How to Hunt Wild Kentucky Edible Plants

How to Hunt Wild Kentucky Edible PlantsKentucky's natural terrain offers a variety of regions where wild edible plants thrive. Whether in the mountainous regions, along streams or in the bottomlands, you can find something edible growing in this vast wilderness. Kentucky's wild edibles consist of nuts, berries, greens and potherbs. In a survival situation you won't starve in the wilds of Kentucky, but you need to educate yourself on what is edible. Harvesting wild edibles in Kentucky is not that hard, and you will only need a few supplies to do so.


Difficulty: Moderate

Things You’ll Need:
  • Field guide to wild edible plants
  • Scissors
  • Knife
  • Paper bag
  • Mesh bag
Step 1
Purchase a field guide that describes the appearance and location of plants, with descriptions of the parts of a plant are edible, for the region of the state where you will be traveling.
Step 2
Pack necessary supplies for harvesting the wild edibles, such as scissors, knife, small cooking container, paper bags and mesh bags.
Step 3
Search for nuts such as hickories and black walnuts in the bottomlands and upland areas of the state. Nuts can be found in the fall and early spring. Crack the outer shell to reveal the edible nut which can be cooked or eaten raw. Store your collected nuts in a paper bag.
Step 4
Collect salad greens and potherbs such as chickweed (pictured above) and nettles early in the afternoon to allow the plants' active substances to accumulate. Trim off the young tender leaves and place them in a paper bag. You can usually find these herbs growing along stream beds or in open fields.
Step 5
Harvest fruits and flowers such as dandelions and blueberries early in the morning. Pick only what you will eat and place them in a paper bag.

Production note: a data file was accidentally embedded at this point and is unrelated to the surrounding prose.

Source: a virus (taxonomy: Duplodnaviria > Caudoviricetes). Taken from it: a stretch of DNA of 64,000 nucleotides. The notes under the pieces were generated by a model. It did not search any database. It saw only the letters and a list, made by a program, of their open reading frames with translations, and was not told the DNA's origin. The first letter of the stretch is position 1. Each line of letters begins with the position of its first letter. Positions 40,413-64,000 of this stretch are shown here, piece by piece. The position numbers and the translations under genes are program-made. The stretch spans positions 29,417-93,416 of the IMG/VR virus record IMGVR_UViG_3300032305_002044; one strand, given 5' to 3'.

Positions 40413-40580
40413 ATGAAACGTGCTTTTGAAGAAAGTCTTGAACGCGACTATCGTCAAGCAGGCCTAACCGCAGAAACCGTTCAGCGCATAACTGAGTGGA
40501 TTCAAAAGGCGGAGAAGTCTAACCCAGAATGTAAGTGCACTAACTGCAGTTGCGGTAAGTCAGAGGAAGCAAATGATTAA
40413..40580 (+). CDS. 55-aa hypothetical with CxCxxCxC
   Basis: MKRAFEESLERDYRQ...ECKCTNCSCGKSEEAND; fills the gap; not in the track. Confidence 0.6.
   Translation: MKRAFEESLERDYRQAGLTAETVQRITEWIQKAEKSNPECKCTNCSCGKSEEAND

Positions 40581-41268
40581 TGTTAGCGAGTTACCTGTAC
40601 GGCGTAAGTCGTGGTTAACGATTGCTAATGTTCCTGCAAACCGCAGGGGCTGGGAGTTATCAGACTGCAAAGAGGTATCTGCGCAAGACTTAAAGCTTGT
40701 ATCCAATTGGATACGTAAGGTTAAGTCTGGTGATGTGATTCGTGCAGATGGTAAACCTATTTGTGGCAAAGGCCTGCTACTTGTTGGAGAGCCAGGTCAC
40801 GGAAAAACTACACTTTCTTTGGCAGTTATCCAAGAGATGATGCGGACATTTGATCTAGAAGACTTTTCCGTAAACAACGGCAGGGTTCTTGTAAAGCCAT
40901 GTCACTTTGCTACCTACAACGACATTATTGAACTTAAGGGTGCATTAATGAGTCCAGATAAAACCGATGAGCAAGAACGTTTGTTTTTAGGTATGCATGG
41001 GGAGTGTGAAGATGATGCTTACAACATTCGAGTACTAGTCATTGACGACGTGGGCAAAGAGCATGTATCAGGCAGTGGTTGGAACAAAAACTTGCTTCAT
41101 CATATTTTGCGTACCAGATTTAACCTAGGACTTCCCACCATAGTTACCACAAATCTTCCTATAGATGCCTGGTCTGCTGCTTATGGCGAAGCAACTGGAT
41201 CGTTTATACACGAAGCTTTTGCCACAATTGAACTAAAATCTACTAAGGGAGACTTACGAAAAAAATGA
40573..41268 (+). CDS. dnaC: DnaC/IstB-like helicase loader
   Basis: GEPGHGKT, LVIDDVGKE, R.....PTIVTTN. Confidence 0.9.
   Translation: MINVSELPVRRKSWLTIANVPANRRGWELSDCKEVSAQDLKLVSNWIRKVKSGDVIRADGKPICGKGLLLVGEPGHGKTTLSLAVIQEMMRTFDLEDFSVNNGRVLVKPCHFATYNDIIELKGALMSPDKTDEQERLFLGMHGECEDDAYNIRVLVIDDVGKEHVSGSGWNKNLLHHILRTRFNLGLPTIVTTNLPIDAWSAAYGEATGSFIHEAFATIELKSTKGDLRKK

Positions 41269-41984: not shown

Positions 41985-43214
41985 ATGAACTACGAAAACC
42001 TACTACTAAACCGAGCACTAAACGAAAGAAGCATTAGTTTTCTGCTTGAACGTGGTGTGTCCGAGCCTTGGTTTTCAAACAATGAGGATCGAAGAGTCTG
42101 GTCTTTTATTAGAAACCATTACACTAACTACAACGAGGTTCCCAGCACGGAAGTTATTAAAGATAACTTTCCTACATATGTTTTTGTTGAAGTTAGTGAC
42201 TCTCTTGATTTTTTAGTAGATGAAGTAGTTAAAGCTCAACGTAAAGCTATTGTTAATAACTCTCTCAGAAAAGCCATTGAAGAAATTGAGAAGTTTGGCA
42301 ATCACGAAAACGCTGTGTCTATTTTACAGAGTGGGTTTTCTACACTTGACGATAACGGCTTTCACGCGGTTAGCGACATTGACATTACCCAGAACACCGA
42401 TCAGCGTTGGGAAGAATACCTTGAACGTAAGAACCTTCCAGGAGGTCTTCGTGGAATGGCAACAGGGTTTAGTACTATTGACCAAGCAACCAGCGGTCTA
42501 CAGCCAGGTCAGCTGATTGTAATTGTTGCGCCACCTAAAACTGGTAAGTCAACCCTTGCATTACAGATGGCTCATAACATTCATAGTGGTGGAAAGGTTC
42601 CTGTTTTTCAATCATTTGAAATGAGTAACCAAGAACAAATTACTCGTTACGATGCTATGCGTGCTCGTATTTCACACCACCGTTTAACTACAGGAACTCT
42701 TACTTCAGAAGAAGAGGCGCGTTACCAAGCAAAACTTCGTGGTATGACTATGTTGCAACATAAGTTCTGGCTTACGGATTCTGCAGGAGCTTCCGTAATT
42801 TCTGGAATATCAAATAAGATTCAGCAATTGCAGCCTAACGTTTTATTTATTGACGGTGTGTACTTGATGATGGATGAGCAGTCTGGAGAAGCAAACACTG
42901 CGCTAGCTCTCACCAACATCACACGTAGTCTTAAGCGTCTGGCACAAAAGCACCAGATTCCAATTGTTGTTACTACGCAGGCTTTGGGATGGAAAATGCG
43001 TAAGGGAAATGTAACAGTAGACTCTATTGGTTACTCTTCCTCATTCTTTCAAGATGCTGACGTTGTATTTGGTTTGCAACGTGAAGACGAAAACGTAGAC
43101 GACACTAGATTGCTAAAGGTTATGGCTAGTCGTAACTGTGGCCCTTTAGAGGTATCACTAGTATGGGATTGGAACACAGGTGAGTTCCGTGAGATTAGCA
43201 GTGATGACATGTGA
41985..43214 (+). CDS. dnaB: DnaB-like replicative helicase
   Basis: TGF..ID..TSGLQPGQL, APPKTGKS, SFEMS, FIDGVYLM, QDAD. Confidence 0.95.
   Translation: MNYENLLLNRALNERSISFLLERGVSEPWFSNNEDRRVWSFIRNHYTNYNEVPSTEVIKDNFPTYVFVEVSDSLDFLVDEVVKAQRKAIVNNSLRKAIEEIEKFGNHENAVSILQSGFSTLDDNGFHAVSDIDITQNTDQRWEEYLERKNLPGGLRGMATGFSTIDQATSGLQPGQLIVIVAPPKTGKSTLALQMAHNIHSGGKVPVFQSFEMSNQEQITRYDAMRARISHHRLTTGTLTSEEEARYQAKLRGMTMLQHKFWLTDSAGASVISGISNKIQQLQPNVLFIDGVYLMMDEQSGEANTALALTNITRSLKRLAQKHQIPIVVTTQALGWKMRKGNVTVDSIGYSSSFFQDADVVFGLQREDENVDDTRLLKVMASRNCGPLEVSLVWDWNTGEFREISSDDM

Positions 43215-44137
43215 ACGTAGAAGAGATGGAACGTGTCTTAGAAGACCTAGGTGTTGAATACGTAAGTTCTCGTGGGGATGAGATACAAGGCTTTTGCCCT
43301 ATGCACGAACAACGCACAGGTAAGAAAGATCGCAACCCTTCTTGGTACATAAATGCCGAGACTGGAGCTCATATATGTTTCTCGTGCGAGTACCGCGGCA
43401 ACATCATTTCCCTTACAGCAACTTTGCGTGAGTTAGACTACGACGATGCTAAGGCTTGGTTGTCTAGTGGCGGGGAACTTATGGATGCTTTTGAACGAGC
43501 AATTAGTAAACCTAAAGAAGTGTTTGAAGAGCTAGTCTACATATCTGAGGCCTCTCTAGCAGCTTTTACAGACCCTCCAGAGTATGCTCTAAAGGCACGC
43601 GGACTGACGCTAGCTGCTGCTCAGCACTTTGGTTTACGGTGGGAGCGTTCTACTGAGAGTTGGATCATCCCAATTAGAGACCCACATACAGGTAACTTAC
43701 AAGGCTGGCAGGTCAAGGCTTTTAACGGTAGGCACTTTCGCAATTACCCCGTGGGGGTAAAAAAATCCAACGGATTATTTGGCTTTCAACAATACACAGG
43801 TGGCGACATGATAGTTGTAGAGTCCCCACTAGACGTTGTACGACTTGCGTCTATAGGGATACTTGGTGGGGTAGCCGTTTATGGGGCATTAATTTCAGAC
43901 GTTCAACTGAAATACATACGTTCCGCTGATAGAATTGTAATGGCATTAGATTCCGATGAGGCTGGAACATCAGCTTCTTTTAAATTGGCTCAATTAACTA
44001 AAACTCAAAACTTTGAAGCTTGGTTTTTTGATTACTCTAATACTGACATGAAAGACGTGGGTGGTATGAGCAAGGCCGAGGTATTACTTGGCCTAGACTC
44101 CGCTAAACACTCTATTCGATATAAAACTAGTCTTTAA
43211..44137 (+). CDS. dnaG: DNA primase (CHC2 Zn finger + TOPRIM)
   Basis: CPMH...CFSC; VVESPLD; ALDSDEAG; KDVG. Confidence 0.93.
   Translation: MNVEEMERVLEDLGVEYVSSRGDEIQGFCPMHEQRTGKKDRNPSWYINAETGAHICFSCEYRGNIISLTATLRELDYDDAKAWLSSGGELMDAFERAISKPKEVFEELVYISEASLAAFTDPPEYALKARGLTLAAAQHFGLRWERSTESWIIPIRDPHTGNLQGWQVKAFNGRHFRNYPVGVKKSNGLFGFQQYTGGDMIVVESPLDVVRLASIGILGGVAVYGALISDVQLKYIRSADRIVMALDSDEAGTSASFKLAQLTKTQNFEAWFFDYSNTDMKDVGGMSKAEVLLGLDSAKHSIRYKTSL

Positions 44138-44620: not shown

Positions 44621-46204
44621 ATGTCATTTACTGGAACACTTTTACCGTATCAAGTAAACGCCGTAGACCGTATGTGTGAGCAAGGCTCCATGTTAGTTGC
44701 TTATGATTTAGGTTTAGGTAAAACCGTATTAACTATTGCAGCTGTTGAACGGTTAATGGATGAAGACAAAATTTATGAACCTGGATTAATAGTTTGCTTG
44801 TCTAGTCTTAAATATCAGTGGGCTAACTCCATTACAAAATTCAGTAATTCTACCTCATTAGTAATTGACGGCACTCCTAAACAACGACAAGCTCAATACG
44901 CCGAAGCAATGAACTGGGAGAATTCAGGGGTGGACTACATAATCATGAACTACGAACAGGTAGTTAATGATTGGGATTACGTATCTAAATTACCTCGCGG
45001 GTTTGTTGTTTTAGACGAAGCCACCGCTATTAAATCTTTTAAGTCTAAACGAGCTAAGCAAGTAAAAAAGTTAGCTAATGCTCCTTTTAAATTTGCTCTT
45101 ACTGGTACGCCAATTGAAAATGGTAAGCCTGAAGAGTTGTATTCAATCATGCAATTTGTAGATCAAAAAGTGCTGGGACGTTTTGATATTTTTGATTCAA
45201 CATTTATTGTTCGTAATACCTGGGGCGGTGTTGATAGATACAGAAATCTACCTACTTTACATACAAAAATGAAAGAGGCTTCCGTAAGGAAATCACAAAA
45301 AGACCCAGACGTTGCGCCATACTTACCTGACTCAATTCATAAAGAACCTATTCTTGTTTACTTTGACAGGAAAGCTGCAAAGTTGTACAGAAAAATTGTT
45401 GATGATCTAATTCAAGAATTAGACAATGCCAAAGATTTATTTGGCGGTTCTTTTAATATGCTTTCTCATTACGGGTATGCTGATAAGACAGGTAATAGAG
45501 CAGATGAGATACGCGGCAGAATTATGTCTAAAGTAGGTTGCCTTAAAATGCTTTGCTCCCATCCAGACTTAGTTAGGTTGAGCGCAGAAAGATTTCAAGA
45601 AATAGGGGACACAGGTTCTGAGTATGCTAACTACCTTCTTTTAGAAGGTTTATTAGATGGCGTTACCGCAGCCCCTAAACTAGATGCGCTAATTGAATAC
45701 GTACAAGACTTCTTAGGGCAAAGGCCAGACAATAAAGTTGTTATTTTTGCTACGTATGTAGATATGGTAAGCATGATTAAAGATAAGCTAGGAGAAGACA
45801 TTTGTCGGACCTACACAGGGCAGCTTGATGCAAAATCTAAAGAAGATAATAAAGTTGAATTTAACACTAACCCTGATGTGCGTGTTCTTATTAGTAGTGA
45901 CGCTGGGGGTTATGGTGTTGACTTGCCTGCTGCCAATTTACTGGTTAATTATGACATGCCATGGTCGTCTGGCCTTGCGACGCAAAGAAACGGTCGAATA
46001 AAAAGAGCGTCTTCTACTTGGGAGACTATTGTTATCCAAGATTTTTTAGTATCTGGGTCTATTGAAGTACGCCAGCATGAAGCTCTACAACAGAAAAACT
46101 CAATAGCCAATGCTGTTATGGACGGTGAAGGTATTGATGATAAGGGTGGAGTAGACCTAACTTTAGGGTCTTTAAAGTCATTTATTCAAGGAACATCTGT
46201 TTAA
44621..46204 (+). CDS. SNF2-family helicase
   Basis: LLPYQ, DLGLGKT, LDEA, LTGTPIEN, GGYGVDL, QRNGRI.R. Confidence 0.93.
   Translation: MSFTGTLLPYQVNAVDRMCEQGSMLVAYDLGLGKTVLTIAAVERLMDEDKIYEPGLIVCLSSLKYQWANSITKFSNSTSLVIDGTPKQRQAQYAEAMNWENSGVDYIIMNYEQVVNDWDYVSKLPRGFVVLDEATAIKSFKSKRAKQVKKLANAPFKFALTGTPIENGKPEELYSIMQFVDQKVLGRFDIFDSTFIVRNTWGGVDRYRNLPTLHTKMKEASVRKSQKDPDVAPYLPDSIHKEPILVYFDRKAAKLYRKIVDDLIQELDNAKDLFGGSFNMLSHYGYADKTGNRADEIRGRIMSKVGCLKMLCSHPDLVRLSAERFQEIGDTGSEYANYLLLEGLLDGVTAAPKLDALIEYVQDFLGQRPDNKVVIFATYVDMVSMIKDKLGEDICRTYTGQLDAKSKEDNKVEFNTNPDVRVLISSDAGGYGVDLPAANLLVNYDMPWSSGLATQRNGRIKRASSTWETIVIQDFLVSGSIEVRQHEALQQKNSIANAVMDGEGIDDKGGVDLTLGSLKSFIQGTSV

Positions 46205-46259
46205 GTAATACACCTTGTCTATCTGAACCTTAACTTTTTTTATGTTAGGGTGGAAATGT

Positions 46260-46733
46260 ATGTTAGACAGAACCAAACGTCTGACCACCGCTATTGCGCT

Step 6
Dig up roots and bulbs such as wild onions during the fall or spring. Place your bounty in a paper bag.
Step 7
Harvest only the quantities of edible plants you intend on eating within five days, since they lose their nutritional value after that time.
Step 8
Use caution when harvesting wild edibles that are found along roadsides as they may be toxic as a result of chemical runoffs from the highway.

Tips & Warnings

Always harvest greens and flowers from healthy-looking plants.
If you are unsure of the identity of a plant, do not eat it.
Don't uproot the entire plant if you don't intend to use the whole thing. Trim off only the tender leaves or the fruits and allow the plant to continue growing.
Don't leave your edible plants enclosed in plastic or nylon bags, in direct sunlight or enclosed in a hot area such as the trunk of your car. Paper or mesh bags will allow air to circulate and keep the plants fresh longer.

Article Written By Joyce Starr

Joyce Starr is a professional writer from Florida and owns a landscaping company and garden center. She has published articles about camping in Florida, lawn care and gardening and writes for a local gardening newsletter. She shares her love and knowledge of the outdoors and nature through her writing.

The Latest from the Community

This is a agreeable & interesting State Park & hike. The ocean has flooded a clef along the San Andreas Fault to...
I was a little confused where to park but once we found the trail next to the covered bridge, it was so beautiful...
Nice, pleasurable ride. Many birds and iguanas to see.